The word ‘Stein’ literally means ‘stone’ in German. A real authentic German beer stein made of ceramic, crystal, glass, metal, or wood is highly valuable and ranges in size from 1 ounce (29.5 ml) to more than 8 gallons (30 l).
However, it is not easy to recognize the real stuff among numerous cheap copies, and it can be a bit complicated for a layman to make a difference. Unfortunately, many tourists buy the beer stein as a souvenir and find out that they have been cheated once they return home. So, let’s see how to tell if a beer stein is valuable.
What is German Beer Stein
The etymology of the German word ‘stein’ is not entirely clear, but it probably originated from one of two terms:
Stein Krug – It means ‘stone mug’
Steingut – It means ‘stone goods’
The most common pieces were made of:
In most cases, old mugs are hand-painted and beautifully decorated. You can find steins that range from 1 ounce (29.5 ml) to 8.4 gallons (32 l) in volume. However, the typical volume of the most popular pieces is 16.9 ounces (0.5 l).
The oldest saved German earthenware beer steins were dated from the 14th century when the bubonic plague killed millions of people in Europe. The first pieces were made after passing the law in a few German principalities related to sanitary conditions. It required the covers over food and beverage containers to prevent a vicious disease.
Until that time, the upper class drank from beakers or tankards made of silver, glass, and pewter, while common folk used mugs made of wood and earthenware. However, the Black Death changed many established customs.
Once stoneware was created, old manufacturers started making stoneware drinking steins with pewter lids. In the 19th century, the stein officially became a product made in Europe. The most common were stoneware pieces with a permanently attached lid.
Nowadays, you can also find pewter vessels produced in England, but their manufacturers commonly used silver, glass, and porcelain. The best of all was the diversity of stein-decorating styles that reflected the time’s best artisans’ imagination and skill.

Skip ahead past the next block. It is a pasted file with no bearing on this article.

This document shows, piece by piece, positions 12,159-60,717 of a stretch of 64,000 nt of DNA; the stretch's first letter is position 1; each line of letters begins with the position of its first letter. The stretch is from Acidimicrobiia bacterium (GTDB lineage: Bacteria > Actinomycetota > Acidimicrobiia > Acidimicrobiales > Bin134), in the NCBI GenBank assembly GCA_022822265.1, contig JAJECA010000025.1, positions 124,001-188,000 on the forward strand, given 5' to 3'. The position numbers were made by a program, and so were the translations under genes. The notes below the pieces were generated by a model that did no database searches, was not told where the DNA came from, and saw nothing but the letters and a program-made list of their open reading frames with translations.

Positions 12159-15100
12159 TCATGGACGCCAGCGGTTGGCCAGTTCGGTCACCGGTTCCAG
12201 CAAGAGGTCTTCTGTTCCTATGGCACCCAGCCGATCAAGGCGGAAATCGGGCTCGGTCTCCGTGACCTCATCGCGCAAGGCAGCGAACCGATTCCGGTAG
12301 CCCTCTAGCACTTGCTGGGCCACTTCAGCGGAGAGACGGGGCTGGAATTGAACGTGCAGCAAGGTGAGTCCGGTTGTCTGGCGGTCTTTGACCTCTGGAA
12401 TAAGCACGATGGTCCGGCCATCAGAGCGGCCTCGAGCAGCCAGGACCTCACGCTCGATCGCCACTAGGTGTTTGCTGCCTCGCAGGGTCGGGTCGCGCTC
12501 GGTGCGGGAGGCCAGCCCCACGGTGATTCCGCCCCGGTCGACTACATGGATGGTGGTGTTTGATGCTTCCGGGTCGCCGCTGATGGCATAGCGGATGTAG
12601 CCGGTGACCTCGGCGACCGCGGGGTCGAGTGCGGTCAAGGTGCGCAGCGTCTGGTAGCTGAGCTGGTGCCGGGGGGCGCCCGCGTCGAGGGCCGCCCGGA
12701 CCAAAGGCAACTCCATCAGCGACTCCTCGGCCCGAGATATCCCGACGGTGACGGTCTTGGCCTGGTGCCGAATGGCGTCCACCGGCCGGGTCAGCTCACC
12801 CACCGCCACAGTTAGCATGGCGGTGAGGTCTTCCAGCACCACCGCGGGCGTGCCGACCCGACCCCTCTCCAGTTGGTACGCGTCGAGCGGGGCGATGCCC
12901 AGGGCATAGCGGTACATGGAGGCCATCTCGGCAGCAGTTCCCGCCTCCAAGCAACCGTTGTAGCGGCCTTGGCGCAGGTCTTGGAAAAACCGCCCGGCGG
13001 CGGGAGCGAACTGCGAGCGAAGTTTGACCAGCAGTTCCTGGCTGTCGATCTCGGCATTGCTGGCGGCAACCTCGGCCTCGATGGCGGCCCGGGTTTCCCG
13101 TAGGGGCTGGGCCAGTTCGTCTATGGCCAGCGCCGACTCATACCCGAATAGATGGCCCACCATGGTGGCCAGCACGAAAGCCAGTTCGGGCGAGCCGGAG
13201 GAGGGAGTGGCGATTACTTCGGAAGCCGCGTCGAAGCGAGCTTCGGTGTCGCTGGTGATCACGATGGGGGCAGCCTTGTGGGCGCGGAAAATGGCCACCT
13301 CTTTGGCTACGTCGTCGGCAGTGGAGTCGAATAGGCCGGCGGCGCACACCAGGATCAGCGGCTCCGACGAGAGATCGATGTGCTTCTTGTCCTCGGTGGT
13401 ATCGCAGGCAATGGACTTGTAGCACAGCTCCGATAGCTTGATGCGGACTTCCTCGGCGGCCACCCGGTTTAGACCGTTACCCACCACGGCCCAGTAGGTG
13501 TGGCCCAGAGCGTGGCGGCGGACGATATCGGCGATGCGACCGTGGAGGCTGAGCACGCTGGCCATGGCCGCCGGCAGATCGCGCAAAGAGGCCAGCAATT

The most prominent pottery centers were Siegburg, Cologne, Frechen, and Kreussen. Stein production upswing tremendously in the 1850s, but most stein makers limited it during World War I because of the raw material shortage.
Even though stein making started again after 1918, most people stopped using them daily. Consequently, the production never reached the previous level. Thanks to modern technology and contemporary materials, many companies produce beautiful steins these days, mostly as souvenirs.
Age of the German Beer Stein
Beer steins are a German favored gift for centuries, and you can find the date that it was given on the lid. However, it can be tricky to rely on this information when it is necessary to determine the item’s age.
Unfortunately, it is not rare that someone attaches an old lid to a new stein. These dates have sense only when the other mug traits are also consistent.
German beer stein
You should also pay attention to a four-digit number on the stein side or base that begins with 17, 18, or 19. It is not a date but a form or mold number.
German Beer Stein Types
You can choose among various German beer steins that are differently painted. The most beautiful include:
This popular, hand-carved, and bold colored collectible pieces contain patriotic scenes or folk tales. They are almost always precious.
It is possible to find pieces with highly realistic and detailed human and animal carvings. They are highly appreciated and valued, but you should have ivory trade restrictions and legalities on your mind before shopping.
These authentic German steins with soldiers’ names and ranks were made to commemorate the successful completion of active duty. The old pieces include the owner’s last name and status, while modern models contain their first and last name and soldier rank.
Hand blown steins are probably the earliest pieces produced. You can find green, red, cobalt, and brown varieties on the market.
The production of these personalized steins began in the 1850s. They were made in the human, animal, or item shape.
The Villeroy and Boch Co. of Mettlach produced undoubtedly the most prestigious stoneware hand-painted pieces you can find nowadays. Most of them were made between 1880 and 1910.